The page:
Amos borrowed $25,000 from Marvin Gaye, Helen Reddy and her husband Jeff Wald, and United Artists Records president Artie Mogull. He opened a small shop on Sunset Boulevard in Hollywood, California, and began making mass quantities with the same recipe he’d used in his own kitchen. The Famous Amos Cookie Company was born. Amos told Newsweek that when he saw his completed storefront, he was overjoyed. “I was about to get out of the car when I saw, for the first time, the logo on the side of the building: THE ORIGINAL HOME OF THE FAMOUS AMOS CHOCOLATE CHIP COOKIE. It seemed to be shining as if neon paint had been used. Or it was God lighting up my life at that moment.”
The shop was the first of its kind dedicated to one brand of gourmet cookies, and Amos pitched his product with an unquenchable enthusiasm. “Famous Amos” was seen in the Macy’s Thanksgiving Day parade every year from 1977 to 1981, as well as on the label of each cookie bag. His treats—baked at locations in Nutley, New Jersey and Van Nuys, California—were sold in chic department stores and at several outlets in the nation’s bigger cities. Film and television stars, pop singers, and politicians all professed a craving for Famous Amos cookies.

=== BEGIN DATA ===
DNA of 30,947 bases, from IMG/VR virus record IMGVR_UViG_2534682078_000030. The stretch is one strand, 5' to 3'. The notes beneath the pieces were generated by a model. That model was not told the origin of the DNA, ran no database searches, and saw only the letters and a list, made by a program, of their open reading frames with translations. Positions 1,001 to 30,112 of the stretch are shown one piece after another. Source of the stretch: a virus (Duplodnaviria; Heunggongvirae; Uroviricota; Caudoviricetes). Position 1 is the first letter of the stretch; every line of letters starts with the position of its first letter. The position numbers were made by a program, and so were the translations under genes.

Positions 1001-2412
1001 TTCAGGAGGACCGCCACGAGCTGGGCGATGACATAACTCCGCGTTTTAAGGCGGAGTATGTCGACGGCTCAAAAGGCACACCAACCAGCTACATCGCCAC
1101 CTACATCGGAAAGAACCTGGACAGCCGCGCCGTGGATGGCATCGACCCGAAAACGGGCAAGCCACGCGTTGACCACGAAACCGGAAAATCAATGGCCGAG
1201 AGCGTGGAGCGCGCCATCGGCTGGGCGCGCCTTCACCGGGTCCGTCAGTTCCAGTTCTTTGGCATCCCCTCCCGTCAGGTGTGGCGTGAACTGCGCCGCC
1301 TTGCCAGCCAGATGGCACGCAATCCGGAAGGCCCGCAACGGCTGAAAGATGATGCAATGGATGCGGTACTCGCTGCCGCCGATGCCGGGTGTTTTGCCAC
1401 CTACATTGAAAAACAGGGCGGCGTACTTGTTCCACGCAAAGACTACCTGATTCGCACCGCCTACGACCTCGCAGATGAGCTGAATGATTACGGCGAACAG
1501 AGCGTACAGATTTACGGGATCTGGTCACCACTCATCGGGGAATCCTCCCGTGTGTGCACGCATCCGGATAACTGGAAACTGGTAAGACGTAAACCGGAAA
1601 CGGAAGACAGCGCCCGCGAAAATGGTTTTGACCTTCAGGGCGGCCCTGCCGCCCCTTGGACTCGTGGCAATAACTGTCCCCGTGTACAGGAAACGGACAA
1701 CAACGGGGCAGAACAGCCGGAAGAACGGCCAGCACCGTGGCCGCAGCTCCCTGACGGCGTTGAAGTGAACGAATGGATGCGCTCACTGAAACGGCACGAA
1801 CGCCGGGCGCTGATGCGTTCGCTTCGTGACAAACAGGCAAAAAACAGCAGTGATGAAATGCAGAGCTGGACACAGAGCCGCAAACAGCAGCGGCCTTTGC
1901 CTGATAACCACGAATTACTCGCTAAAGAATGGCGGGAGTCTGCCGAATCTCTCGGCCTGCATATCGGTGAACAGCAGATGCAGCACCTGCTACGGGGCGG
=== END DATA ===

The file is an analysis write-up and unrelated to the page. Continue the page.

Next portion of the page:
Profits increased. Within two years the company was producing six tons of cookies each week, and Amos’s little venture had become a business generating in excess of $4 million in sales per year. Financial backer Jeff Wald told Time magazine: “We invested in [Famous Amos] for love, but as it turns out, it will probably be a better investment than any we ever made. It could be worth a few million in a couple of years.” Amos had finally found a superstar worthy of his management—his own gourmet cookies.